Remember, too, where lies originate. Satan is the father of lies, and he likes nothing better than to get us to believe his twisted words. One of the things I liked best about Peggy's story was that she refused to listen to Satan. She could be living in a prison of bitterness, but she chose to forgive the man who hurt her son. She could have seen the entire experience as a tragic mess, but she has chosen to find God's redemptive purposes instead. She could have beaten herself up over her failure to successfully manage her son's life, but she has learned to let God be in control.
What about you? What are the lies that Satan is trying to get you to believe? Has he told you that you have blown it as a parent, and that you will never get it right? Has he whispered that your teenager is a mess, and that nothing will ever change? Don't listen! Don't believe it! Counter lies like these with truths from God's Word: Philippians 1:6 says that God has begun a good work in your child, and that he promises to finish what he starts. If you could talk to Molly, the mom I mentioned at the beginning of this chapter, she'd tell you that God is definitely at work in Jenna's life. Not only did Jenna confess to-and ask forgiveness for-lying about the kiss (Molly's instincts were right!), but in the past year, the shadows of deception have all but disappeared. Today, she and Jenna enjoy a relationship marked by open communication and truthfulness that goes beyond anything Molly could have ever imagined.
Satan may be the father of lies, but Jesus Christ is the Truth. Let's call out to him, trusting in his incomparably great power to change our hearts and set our families free.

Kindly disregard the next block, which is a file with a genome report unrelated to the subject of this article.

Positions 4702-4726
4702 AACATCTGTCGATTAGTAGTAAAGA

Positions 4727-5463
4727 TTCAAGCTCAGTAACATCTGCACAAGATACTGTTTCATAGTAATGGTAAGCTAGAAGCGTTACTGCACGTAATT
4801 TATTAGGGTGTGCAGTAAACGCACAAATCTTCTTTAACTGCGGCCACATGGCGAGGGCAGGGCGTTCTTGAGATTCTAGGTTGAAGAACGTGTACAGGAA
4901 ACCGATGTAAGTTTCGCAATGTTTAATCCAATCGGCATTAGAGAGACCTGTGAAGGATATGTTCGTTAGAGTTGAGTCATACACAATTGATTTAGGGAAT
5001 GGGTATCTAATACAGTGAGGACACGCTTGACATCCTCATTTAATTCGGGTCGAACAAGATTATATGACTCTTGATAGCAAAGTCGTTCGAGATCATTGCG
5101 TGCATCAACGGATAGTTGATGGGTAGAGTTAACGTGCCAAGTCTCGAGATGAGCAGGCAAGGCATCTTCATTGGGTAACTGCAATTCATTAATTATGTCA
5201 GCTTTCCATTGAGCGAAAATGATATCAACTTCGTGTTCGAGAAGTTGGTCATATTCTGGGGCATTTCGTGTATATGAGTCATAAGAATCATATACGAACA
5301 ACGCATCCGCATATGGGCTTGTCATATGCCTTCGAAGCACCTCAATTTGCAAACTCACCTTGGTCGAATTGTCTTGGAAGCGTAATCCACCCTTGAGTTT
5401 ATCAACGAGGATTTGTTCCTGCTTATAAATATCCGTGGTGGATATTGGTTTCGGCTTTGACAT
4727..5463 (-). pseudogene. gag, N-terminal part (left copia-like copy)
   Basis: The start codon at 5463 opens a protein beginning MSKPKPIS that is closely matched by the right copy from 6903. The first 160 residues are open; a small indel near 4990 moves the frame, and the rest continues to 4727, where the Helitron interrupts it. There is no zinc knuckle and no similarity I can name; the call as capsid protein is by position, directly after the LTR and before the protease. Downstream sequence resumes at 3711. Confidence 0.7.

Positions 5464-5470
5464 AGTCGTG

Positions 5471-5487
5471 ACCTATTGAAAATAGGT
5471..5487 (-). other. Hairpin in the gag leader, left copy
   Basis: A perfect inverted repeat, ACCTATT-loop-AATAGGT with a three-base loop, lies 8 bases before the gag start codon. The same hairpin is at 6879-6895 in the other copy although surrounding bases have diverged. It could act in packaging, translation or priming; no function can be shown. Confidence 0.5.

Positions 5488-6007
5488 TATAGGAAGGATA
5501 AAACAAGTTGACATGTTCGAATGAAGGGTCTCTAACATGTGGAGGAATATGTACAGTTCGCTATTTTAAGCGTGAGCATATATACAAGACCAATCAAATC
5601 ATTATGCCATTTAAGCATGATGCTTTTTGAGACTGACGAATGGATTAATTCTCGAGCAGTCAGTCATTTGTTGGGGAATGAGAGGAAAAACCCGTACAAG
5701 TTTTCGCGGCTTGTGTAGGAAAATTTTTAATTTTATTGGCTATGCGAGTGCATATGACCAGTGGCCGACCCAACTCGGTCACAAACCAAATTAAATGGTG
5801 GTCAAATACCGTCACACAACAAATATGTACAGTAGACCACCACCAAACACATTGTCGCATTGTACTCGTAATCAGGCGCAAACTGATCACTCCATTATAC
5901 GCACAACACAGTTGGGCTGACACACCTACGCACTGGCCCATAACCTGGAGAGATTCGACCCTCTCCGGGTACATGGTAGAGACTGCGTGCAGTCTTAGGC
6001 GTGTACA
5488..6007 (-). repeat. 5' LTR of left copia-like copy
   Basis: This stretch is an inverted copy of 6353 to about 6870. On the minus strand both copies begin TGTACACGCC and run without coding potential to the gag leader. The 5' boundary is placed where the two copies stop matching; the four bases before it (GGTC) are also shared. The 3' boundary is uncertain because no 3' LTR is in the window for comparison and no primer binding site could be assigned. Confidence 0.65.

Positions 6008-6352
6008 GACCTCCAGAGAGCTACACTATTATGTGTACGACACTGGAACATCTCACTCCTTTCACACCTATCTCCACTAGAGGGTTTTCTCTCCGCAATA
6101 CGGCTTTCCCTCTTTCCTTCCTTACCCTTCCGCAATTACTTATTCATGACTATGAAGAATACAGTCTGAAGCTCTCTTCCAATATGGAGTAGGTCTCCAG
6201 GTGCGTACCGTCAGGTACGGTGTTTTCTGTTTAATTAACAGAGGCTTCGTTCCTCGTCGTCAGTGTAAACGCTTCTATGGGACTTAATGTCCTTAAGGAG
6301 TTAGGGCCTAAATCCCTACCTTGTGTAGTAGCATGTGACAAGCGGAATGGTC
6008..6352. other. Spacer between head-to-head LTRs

Prayers You Can Use
Cause __________ to put off falsehood and speak truthfully to his friends, his teachers, and to us, for we are all members of one body. Ephesians 4:25
Keep __________ from deceitful ways. Teach her to choose the way of truth so that she will never be put to shame. Let her run in the path of your commands, knowing that you have set her heart free. Psalm 119:29-32
Let __________'s words be truthful, so that they will stand the test of time. Give him a heart that is filled with peace and joy instead of deceit. Proverbs 12:19-20
Keep __________'s tongue from evil and her lips from speaking lies, that she may love life and enjoy good days. Psalm 34:12-13
I know, Lord, that you examine hearts and rejoice when you find integrity there. Let all that __________ does be done with pure motives, and make him always want to obey you. See to it that his love for you never changes. 1 Chronicles 29:17-18 NLT
Guard __________'s life and rescue her; let her never be put to shame. May integrity and uprightness protect her, and cause her to put her hope fully in you. Psalm 25:20-21
Help __________ to stand firm, with the belt of truth buckled securely around his waist and the breastplate of righteousness guarding his heart. Ephesians 6:14
Cause __________ to be careful to lead a blameless life, having nothing to do with evil. Do not let her slander her friends or classmates in secret, and keep her from practicing deceit or speaking falsely. Keep your eyes on her and draw her near to you, so that she might stand in your presence. Psalm 101:2-7
Satan is a liar and the father of lies. Don't allow __________ to listen to Satan or carry out his desires; rather, cause him to tune his ear to hear what you say. Let him receive and believe the truth that you speak, knowing that you are his Father and that he belongs to you. John 8:42-47
Let __________ always be a truthful witness, no matter whether she is defending her faith or giving a report about something that she has seen or done. Show her how much you detest lying lips, and cause her to see the extravagant delight that you take in her when she is truthful.